“I still feel like I’m on holiday,” Leith says. “I really understand why people stay here (in Sudbury). I’ve been in every country in the world except mainland China, but this is No. 1 for me,” he says.

An avid pilot and fisherman as well, Leith has also discovered the joy of theatre, having joined with a theatre company called Black Dog Productions, which in mid-November was preparing for their production of the play Death Trap, staged at Laurentian’s Thornloe University.

“One of the first things I did when I came to Canada was try out for an audition. Of course, you only join the theatre to meet the girls,” he quips. “Actually, it’s a real left-brain, right-brain kind of thing, a kind of radical escape that you need, especially in a business like this. You can’t be thinking about your lines and work at the same time.”

Being a “chip head,” the next step is never far from his mind. The main challenge is developing software to work in a number of different environments and to meet the needs of the clients.

Pen Systems had its origins in 1992 after the development of the first “pen” hand-held devices, which have slowly evolved over time to become the PDAs that have become almost as ubiquitous as the lap top and the cell phone in most business environments. The core of the company’s software line, Inspector +, evolved from the question, “how do you work with a laptop when you don’t have a lap?” and aimed to find solutions for inspectors who have specific questions that need to be answered.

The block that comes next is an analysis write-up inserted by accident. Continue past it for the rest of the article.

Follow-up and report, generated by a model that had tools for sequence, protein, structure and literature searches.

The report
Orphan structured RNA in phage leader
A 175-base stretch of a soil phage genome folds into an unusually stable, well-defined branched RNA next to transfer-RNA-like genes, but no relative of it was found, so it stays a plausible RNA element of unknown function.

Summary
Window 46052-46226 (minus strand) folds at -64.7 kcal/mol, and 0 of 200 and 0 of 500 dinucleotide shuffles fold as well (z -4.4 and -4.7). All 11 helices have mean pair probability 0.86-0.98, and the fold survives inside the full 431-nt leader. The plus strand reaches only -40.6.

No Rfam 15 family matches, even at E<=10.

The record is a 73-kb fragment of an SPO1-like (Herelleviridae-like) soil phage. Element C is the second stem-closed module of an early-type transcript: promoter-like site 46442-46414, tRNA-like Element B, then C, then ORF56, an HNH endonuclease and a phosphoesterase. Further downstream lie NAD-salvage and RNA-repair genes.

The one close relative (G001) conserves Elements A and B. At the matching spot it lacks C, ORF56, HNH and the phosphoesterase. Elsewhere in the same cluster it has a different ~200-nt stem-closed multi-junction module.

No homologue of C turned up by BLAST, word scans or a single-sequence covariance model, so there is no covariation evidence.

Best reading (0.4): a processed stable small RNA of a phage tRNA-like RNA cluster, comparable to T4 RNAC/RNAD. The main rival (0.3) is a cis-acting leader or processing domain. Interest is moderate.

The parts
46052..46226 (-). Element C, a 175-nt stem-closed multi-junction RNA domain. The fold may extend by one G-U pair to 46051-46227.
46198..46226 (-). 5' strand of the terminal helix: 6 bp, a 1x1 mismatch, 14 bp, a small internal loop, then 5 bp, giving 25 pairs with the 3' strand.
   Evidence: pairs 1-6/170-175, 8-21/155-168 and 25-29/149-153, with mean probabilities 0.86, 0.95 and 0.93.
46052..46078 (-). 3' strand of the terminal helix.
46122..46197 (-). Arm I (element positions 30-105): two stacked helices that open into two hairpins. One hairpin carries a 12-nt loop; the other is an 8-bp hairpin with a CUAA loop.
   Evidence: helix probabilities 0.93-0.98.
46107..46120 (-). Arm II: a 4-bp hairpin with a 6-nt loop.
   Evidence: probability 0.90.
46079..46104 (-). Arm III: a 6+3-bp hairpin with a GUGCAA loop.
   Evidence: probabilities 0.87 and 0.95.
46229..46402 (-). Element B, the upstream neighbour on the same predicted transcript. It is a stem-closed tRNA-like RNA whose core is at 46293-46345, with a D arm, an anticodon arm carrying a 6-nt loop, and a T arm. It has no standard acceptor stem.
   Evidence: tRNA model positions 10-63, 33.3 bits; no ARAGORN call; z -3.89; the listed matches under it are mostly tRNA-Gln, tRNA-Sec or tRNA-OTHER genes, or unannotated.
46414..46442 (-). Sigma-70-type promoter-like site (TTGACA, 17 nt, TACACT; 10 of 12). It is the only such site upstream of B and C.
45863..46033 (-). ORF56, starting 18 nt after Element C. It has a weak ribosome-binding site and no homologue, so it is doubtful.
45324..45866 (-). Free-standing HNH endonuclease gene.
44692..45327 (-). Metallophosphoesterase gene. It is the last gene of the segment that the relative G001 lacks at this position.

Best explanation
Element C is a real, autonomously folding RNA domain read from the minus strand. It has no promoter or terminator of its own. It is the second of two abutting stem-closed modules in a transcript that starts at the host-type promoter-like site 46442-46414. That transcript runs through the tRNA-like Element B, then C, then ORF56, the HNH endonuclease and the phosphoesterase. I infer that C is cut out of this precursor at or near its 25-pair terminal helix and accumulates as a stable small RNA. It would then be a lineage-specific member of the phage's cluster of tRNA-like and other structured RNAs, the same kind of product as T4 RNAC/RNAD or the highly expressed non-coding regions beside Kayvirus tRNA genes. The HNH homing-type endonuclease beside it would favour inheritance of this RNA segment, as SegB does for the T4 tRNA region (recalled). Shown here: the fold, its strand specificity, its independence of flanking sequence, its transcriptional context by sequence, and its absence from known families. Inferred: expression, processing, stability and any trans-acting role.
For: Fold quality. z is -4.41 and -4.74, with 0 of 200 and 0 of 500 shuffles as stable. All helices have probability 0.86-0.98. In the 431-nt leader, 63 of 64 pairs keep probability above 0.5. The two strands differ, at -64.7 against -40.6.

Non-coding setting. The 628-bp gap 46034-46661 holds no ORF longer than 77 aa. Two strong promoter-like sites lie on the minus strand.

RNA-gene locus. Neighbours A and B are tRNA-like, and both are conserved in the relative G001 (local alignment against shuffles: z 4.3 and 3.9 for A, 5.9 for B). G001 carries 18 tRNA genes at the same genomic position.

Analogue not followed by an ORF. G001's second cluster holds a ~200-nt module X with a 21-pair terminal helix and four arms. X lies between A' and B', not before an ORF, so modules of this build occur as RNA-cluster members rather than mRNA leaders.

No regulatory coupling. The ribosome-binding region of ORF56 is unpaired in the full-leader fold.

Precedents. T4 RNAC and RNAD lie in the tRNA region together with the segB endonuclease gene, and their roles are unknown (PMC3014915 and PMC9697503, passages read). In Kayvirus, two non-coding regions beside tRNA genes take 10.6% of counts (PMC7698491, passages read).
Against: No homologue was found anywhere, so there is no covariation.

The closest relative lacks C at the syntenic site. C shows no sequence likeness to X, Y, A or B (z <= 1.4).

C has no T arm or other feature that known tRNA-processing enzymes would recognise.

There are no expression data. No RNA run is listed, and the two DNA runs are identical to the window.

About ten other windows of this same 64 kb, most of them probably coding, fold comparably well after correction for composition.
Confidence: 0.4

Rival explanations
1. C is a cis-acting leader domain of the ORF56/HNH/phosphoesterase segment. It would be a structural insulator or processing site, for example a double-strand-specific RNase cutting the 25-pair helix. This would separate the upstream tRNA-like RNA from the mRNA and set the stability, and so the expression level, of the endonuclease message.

It has not always been that way, says Leith.

“Everyone says they embrace change, Leith says. “No they don’t. They will embrace change if they are told they have to, but other than that (they won’t.). Now, you can walk into a meeting and say ‘who’s got a pocket PC or a Palm?’ and hands will go up. It’s a much more encouraging environment.”

In the beginning, Leith says Pen Systems was “mesmerized” by the gold-mining sector across the world, and for a long while, everything was going well. Then, the bottom fell out of the gold market and many companies that were their bread and butter were suddenly cutting costs.

As a result, the company was forced to learn an important lesson; diversify! As a result, they started looking at different potential customers for their software and started seeing applications for cities, for medical use in triage, health inspections - anywhere that professionals needed to assess a situation, fill out a form and ask a specific set of questions about a situation.

Competition scarce